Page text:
White Oak

Quercus alba
Fagaceae (oaks)

A large tree with a long, straight trunk and a broad, rounded crown.

Leaves alternate, simple, 5–9 inches long, 2–4 inches wide; margin entire, with 6–10 lobes; lobes rounded at the tip; upper surface bright green, smooth, often shiny; lower surface whitened, smooth (without hairs).

Bark light gray, with shallow grooves and flat, loose ridges; large limbs and branches scaly.

Twigs slender to stout, green to reddish-green, and hairy when young, turning red-brown to ash gray and smooth with age.

Flowering is in April–May. Male and female flowers are on the same tree; male flowers in drooping catkins, female flowers small and in leaf axils.

Fruits September–October, acorn solitary or in pairs; nut light brown, shiny, widest near the base or middle, tapering to a round tip ¾-1 inch long; cup covering up to ¼ of the nut, bowl-shaped to saucer-shaped, light brown; scales numerous, surface warty or corky, flattened, knobby. Acorns ripen in autumn of the first year.

Height: to 120 feet.
Habitat and conservation:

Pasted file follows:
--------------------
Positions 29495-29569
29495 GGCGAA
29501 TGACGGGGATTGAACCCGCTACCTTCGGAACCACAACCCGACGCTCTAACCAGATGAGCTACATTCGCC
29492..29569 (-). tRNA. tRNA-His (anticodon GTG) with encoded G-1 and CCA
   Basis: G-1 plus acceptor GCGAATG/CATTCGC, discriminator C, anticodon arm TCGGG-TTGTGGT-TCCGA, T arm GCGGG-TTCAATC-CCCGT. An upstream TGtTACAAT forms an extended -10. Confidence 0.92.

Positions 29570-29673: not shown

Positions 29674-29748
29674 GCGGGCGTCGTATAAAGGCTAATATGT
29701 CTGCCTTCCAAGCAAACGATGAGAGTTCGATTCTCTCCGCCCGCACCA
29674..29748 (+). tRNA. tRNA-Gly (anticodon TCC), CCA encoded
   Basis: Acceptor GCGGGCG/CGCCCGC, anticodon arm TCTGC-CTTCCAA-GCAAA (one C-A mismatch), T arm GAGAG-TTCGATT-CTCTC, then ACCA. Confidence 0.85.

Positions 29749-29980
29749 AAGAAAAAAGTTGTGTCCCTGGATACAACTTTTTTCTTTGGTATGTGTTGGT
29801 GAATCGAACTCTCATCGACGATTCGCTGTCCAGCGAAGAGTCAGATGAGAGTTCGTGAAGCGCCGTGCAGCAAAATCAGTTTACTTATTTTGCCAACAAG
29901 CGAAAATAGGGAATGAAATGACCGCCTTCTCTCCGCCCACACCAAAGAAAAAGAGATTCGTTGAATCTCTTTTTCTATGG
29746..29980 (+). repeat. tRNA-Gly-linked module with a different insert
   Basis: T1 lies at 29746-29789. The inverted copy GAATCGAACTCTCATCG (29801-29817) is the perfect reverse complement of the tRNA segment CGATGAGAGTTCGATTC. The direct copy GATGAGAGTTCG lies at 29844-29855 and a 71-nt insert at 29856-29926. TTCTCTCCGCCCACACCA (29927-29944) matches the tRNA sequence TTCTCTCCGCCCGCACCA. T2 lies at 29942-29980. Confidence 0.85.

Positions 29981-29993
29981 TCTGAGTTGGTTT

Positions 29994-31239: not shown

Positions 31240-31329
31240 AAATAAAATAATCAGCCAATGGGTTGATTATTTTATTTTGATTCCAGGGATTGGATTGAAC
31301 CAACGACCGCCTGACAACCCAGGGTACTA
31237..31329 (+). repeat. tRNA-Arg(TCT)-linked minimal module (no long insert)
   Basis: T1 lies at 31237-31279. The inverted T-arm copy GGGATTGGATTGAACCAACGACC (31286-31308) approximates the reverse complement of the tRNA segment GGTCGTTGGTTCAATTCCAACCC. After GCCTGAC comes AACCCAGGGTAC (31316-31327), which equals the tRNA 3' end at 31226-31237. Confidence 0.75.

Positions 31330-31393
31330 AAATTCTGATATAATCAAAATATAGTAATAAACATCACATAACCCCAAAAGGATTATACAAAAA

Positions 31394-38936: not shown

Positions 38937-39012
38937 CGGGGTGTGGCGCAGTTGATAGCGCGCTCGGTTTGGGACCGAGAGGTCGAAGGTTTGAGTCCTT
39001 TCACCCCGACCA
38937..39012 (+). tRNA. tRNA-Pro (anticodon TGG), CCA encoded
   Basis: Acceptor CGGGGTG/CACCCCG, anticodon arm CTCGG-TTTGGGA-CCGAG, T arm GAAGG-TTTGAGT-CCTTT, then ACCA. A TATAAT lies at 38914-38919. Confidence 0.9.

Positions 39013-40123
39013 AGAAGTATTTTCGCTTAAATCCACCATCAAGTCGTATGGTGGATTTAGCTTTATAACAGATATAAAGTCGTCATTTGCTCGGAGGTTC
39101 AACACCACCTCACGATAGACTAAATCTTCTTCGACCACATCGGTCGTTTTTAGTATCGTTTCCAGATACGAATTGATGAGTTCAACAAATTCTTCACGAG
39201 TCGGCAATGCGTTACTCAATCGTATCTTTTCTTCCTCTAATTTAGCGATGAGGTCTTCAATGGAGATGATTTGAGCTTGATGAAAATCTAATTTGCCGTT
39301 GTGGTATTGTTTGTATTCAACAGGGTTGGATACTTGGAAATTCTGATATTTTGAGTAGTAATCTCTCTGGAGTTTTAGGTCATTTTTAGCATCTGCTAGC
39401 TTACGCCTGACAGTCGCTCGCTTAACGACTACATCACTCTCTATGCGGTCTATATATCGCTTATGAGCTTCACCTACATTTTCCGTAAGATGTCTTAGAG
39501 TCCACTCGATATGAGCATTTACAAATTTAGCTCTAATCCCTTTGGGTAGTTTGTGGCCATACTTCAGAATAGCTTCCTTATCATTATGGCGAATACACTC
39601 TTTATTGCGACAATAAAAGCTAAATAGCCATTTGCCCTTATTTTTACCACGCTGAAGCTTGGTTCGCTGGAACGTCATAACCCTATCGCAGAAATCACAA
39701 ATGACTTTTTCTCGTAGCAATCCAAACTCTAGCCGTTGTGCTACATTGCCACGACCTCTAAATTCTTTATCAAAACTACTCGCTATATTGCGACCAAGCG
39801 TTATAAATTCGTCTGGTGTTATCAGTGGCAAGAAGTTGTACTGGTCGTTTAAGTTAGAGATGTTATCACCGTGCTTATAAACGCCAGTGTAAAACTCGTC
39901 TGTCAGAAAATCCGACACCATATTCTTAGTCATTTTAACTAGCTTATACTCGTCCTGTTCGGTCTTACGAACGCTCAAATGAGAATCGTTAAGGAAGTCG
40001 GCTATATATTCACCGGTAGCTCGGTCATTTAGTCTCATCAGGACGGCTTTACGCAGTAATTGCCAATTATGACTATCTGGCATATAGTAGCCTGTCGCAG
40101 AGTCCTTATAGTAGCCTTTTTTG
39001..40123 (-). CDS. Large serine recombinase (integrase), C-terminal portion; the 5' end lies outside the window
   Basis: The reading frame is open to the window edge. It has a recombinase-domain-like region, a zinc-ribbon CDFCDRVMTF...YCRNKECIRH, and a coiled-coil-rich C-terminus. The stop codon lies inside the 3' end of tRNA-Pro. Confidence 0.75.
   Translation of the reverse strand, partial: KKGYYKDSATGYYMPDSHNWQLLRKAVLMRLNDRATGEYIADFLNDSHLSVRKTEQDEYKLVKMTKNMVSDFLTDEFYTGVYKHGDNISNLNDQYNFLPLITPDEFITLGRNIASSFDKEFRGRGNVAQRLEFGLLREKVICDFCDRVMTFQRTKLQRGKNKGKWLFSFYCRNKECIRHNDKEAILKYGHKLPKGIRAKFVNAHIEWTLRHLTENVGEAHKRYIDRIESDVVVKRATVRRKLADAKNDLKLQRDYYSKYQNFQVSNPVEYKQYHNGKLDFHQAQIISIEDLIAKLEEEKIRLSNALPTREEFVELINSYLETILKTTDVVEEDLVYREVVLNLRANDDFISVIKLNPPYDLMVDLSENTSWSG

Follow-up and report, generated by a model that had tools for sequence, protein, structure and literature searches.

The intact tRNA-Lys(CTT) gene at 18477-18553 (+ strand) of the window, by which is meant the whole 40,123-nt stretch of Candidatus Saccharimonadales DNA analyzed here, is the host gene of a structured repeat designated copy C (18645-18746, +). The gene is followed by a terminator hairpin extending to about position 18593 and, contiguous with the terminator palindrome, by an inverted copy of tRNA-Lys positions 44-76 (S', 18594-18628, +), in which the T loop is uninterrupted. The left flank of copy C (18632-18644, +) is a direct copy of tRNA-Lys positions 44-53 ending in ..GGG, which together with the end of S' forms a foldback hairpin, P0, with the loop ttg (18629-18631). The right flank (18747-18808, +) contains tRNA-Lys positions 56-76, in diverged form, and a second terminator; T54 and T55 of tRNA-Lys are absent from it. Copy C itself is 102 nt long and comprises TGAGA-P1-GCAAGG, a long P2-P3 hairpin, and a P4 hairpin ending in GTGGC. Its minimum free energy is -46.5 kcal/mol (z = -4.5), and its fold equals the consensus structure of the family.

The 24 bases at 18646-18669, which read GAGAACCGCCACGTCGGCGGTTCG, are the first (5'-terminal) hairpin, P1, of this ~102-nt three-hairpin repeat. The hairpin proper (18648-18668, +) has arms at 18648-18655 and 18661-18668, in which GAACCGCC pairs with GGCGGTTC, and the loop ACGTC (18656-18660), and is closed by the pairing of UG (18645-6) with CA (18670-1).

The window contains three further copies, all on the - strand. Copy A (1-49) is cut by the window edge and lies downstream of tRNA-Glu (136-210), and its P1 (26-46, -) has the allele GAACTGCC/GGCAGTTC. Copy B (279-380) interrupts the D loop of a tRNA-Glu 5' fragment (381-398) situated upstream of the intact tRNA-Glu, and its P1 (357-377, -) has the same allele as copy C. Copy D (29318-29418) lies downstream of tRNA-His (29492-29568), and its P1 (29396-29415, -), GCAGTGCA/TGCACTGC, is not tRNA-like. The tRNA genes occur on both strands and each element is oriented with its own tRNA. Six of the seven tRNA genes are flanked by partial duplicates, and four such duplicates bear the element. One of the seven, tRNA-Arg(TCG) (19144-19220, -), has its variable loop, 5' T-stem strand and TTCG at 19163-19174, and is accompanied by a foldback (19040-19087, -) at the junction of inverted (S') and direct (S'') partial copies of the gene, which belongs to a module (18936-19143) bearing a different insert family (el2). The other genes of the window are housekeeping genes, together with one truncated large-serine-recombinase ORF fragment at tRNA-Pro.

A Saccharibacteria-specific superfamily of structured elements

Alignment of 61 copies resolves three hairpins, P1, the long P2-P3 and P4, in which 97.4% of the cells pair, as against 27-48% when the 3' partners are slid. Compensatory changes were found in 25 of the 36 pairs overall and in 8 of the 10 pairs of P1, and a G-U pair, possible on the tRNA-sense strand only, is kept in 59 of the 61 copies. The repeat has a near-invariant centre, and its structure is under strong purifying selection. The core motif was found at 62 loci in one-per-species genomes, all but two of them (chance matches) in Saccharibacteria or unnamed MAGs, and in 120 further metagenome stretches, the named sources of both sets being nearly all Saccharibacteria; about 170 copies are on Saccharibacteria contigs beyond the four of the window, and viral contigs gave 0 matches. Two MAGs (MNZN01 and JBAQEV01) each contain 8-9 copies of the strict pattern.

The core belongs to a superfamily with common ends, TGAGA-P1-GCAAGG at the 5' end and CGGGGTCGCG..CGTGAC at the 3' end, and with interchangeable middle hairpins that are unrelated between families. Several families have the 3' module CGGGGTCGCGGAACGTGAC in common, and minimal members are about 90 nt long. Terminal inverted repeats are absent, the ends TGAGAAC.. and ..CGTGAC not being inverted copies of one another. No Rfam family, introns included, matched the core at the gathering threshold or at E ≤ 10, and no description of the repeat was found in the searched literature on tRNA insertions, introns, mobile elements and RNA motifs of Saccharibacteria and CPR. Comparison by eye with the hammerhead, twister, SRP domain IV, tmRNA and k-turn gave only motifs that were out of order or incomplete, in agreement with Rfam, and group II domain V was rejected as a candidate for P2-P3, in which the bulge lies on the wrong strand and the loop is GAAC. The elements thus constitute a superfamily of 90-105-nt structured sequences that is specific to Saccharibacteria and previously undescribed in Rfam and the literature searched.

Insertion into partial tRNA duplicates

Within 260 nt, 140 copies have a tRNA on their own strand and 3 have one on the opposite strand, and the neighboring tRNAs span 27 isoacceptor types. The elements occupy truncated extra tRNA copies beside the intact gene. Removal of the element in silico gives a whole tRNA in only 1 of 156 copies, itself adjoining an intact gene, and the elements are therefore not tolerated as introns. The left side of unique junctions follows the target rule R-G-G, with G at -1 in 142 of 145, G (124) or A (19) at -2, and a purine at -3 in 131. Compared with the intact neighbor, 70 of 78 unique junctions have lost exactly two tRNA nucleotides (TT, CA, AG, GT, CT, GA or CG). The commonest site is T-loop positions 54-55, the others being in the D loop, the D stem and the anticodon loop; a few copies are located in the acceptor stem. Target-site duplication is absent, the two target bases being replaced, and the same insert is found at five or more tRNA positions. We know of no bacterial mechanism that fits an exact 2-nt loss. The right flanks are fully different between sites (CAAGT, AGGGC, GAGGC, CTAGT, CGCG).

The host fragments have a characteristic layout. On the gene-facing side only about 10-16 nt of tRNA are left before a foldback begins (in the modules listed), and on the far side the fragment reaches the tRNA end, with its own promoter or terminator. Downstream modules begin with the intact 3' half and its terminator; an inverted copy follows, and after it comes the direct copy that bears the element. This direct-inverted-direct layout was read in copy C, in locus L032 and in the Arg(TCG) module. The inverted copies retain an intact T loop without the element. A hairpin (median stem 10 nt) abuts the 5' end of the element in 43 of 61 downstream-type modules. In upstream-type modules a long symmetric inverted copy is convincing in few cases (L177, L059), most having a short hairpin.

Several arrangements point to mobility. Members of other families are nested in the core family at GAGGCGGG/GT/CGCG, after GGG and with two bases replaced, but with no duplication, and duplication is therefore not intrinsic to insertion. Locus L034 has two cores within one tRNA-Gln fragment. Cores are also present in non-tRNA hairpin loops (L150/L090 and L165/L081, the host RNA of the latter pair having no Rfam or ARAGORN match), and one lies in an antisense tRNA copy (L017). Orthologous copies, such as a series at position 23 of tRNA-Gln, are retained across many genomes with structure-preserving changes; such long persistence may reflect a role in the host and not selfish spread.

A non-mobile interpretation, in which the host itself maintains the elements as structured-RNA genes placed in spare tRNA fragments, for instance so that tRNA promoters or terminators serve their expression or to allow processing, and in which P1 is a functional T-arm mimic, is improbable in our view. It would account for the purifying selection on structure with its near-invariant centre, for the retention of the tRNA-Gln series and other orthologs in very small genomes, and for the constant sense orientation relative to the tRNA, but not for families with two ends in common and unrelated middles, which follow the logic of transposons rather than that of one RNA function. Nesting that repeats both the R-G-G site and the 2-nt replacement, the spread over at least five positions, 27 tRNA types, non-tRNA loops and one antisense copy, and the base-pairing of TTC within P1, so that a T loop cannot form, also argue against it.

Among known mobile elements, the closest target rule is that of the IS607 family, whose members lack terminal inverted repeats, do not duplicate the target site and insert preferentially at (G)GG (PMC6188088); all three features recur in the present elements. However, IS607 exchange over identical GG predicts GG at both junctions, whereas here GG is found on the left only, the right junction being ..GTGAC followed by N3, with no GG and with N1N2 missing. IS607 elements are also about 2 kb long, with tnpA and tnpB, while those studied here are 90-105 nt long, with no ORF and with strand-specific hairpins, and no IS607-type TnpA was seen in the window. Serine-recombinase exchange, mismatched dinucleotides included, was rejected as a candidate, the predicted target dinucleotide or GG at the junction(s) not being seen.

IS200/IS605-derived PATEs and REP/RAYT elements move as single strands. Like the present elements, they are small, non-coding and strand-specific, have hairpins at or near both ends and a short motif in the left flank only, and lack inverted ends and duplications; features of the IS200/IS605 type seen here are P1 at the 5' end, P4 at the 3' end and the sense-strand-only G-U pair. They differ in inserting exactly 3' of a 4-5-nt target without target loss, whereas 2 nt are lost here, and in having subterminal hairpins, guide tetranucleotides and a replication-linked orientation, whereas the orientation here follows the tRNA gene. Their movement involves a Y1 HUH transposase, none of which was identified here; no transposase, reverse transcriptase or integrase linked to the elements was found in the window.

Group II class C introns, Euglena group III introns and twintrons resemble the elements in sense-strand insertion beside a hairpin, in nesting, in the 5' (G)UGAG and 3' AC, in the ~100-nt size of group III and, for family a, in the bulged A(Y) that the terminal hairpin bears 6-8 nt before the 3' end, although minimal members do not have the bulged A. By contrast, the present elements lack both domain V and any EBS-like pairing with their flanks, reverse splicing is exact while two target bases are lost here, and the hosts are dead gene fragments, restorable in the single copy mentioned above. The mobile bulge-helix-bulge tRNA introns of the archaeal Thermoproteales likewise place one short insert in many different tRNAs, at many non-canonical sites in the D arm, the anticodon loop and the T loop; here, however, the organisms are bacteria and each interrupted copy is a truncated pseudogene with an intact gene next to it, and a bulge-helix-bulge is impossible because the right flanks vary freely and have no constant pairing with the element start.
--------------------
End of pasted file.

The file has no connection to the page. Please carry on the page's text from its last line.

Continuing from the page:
Occurs on dry upland slopes and ridges; also on low ground of valleys and ravine bottoms. One of the most attractive, long-lived (over 300 years) shade trees in Missouri. One of the state’s most ubiquitous trees, found in a wide variety of forest, woodland and savanna natural communities throughout the state.
Distribution in Missouri: 
Human connections: 
The wood is second only to walnut in unit value. Once used extensively in ship construction; now used for interior finishing, veneer, cabinets, general construction, whiskey and wine barrels, and more. Native Americans made a bread using the ground acorns. The bark was used medicinally.
Ecosystem connections: 
The acorns are an important food for blue jays, woodpeckers, wood ducks, wild turkeys, ruffed grouse, northern bobwhites, mice, squirrels, raccoons and deer. Large, strong trees provide nesting space for many birds and mammals, and a sturdy structure for vines and other smaller plants to climb on.
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